What originally started as a married couple’s ploy to meet baking superstar Peter Reinhart has since turned into the Southeast’s largest baking and bread festival, drawing local and international world-class bakers and bread-lovers alike. On Saturday and Sunday, April 12-13, Steven and Gail Bardwell of Wake Robin Farms Bread will celebrate the Artisan Bread Festival’s 10th anniversary, and Reinhart will return, keeping his perfect attendance record intact.
First held at Greenlife grocery, the once-small festival is now backed by the Breadbakers Guild of America, and the free event draws some of the biggest names in the baking profession. While samples and mingling are a big focus, educational opportunities will be just as abundant. Other craftsmen may try to keep their secret ingredient under lock and key, but Bardwell says that he’s “never met a professional baker who isn’t happy to tell you their recipe.”
That will hold true at the festival: Reinhart is one of several featured bakers and workshop leaders, including French master baker Lionel Vatinet, French bread specialist Dominique Homo and German master baker Harry Peemoeller. With a solid record of awards, television and magazine features and authored cookbooks backing these world-class bread bakers, the festival is expected to present new flavors, ideas and techniques to attendees.
There will be several workshops geared toward serious home bakers on Saturday, April 12, with a six-hour master class for professional bakers on Sunday, April 13 (the latter has been so popular, it has already sold out). The master class “has made a significant difference in the bread culture in this area,” says Bardwell, who is known for his whole-wheat sandwich bread as well as a flax-and-sesame loaf, inspired by previous festival workshops.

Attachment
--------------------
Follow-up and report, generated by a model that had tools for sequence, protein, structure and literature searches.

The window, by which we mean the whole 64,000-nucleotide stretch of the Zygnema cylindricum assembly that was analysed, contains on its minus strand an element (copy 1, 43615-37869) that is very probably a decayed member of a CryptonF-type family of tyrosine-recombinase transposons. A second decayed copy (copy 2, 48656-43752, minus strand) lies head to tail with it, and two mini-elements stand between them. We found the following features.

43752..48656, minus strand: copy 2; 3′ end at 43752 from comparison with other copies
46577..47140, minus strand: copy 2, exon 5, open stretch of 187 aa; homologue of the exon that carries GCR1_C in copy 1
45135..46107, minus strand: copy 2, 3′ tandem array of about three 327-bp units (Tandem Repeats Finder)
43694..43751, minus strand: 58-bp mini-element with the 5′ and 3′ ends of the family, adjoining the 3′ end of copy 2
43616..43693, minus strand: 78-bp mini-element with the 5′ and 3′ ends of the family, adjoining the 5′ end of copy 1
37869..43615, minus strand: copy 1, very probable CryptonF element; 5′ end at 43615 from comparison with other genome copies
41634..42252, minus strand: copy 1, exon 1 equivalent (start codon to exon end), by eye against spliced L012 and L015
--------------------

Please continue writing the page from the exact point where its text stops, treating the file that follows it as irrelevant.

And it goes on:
Of the free, public Saturday workshops, topics include Hand Kneading, the Science of Yeast, Artisan Bread at Home: The Dutch Oven Method and several more. Bardwell is particularly looking forward to Reinhart’s demonstration of baking with ancient and sprouted grains — a preview from his new book, Bread Revolution, which will be available this fall.
Hosted at A-B Tech’s culinary building, the festival will offer bread enthusiasts a chance to taste, explore and share new baking techniques in these and other hands-on workshops. “Having world-class artisans share their knowledge with not only other bakers but those who may be learning is part of what makes this festival so special,” says Anne Ritota of Annie’s Bakery in Asheville.
Eighteen bakeries will have staff at the festival, both to share samples of their best and newest creations with customers, as well as to learn and collaborate on new ideas. More than a dozen bakeries are based in Western North Carolina, but bakers will also come from neighboring Tennessee, South Carolina and Virginia. “Everyone has a little bit different style, and we love seeing what everyone is baking these days. We’re lucky to live in an area that supports artisan bread bakeries,” says Brian Dennehy of Asheville’s City Bakery.
At last year’s festival, an estimated $10,000 in bread and pastries was sold within three hours, demonstrating the community’s literal hunger for quality bread.
Backed by organizations such as Slow Food Asheville, organic flour mill Lindley Mills and the Appalachian Sustainable Agriculture Project, the festival will offer “world-class bread for every taste in Asheville. You’ll be tasting bread that’s comparable to anywhere else in the world at this festival,” says Bardwell.
Reinhart agrees. “Asheville and its surrounding area, with a very small population, support more artisan bakeries than most states. The bakeries are small but truly artisan in the purest sense of the word.”
The public portion of the Artisan Bread Festival will be held on Saturday, April 12, 10 a.m.-2 p.m. at the Magnolia Building at A-B Tech’s main campus. Admission is free; workshops are $10 each, with advance tickets recommended. For more information, visit ashevillebreadfestival.com.